Knowing key data pipeline terminology, while not required when using high-quality software like Acceldata, is a valuable asset to encourage intelligent discussions about your team’s data pipeline. The best data pipeline framework prioritizes predictable and scalable data pipelines that make measuring and analyzing your key data metrics easier.
Data pipelines vs. ETL
When discussing data pipeline tools for your organization, you may commonly encounter the term ETL. Hearing data pipeline compared to ETL can make identifying the distinction between the two challenging. ETL is short for “extraction, transformation, and loading” and is a term to describe subprocesses that may occur within a data pipeline. Therefore, the core distinction between data pipeline vs. ETL is that ETL is a part of the data pipeline process that occurs depending on your company’s needs and desires.
It is helpful for data teams to look at an ETL data pipeline example to better understand ETL and its role in the data pipeline. Additionally, you should learn about any unfamiliar terminology related to data pipelines. "Data pipeline" is a more generic term than ETL, which focuses on specific data pipeline stages. Additionally, you should seek more information on comparing a data pipeline vs. data warehouse. A data warehouse is the final destination in the final stage of the data pipeline. Because Acceldata’s software covers all parts of the data pipeline, data teams using Acceldata can:
- Improve data visibility
- Allow access to data from multiple different sources and hybrid data lakes and warehouses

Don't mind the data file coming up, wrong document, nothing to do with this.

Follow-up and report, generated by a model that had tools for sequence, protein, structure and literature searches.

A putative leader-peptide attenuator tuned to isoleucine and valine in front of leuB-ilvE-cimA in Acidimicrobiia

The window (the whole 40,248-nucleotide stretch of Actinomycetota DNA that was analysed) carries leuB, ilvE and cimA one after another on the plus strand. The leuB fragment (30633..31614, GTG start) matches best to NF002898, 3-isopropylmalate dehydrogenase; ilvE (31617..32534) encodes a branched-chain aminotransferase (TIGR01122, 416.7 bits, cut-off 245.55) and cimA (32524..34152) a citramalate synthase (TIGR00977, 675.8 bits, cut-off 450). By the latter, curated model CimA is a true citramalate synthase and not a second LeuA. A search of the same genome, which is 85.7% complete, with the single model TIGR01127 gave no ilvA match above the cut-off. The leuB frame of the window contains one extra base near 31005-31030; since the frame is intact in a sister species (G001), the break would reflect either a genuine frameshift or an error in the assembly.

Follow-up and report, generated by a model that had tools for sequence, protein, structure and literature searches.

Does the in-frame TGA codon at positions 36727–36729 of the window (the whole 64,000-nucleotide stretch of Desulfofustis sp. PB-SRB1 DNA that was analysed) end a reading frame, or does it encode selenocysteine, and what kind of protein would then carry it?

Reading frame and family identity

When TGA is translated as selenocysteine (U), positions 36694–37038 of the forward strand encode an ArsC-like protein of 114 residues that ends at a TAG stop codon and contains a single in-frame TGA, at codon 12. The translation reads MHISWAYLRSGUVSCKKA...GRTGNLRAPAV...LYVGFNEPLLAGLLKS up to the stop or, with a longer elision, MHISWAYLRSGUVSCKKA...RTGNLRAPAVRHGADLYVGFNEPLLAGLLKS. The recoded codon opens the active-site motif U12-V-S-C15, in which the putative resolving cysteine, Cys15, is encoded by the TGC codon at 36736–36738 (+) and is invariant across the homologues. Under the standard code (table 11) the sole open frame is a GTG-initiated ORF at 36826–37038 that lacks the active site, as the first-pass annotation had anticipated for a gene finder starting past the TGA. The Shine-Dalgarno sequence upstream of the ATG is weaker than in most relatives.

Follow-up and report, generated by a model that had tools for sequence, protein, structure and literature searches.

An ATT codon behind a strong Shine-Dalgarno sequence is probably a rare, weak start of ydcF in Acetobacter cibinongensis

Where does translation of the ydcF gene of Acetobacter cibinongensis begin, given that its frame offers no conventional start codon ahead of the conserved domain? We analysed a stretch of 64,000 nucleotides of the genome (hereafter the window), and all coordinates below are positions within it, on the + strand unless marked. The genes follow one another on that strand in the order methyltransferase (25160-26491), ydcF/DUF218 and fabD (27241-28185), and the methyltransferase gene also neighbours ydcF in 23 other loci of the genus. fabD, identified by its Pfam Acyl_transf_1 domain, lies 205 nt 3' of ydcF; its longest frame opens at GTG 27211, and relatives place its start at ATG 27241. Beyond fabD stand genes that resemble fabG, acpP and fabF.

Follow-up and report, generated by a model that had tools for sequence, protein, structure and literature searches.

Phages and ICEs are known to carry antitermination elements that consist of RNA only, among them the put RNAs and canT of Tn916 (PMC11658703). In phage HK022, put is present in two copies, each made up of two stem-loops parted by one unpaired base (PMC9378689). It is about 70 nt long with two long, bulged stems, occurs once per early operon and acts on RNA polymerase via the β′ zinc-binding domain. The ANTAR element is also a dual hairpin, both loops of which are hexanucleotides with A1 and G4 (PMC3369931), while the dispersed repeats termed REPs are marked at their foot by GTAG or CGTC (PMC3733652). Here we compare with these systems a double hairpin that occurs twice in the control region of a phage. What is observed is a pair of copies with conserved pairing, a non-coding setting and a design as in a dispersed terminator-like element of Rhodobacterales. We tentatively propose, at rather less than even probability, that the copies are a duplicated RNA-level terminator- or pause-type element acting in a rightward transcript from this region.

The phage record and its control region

- Align data with business outcomes
- Integrate with your other data systems
Data pipeline tools
Data teams can use data pipelines tools aimed at helping teams analyze data metrics found in the data pipeline. While there are many different data pipeline tools accessible to data teams, you must seek only the best data pipeline tools and platforms. By choosing high-quality software like Acceldata, your data team can create a comprehensive data pipeline framework that guides you through the end-to-end pipeline process.
As you seek out data pipeline platforms with unique features and tools, you should ensure that you find software suited to your team’s needs. Not all data pipeline orchestration tools are created the same, and some tools may be more suited to your individual needs than they would be for a different team. Ideally, your data team will implement platforms with data pipeline tools, open-source access, and comprehensive data to help understand the pipeline. Additionally, you will want to find software like Acceldata that offers ETL data pipeline tools. These tools are essential to ensuring that you do not miss any step of the data pipeline and collect crucial, accurate data at every stage of the journey. With Acceldata’s numerous data pipeline tools, your data team can gain valuable insights into how your data performance compares to competitors and what changes can be made in the data pipeline to optimize performance.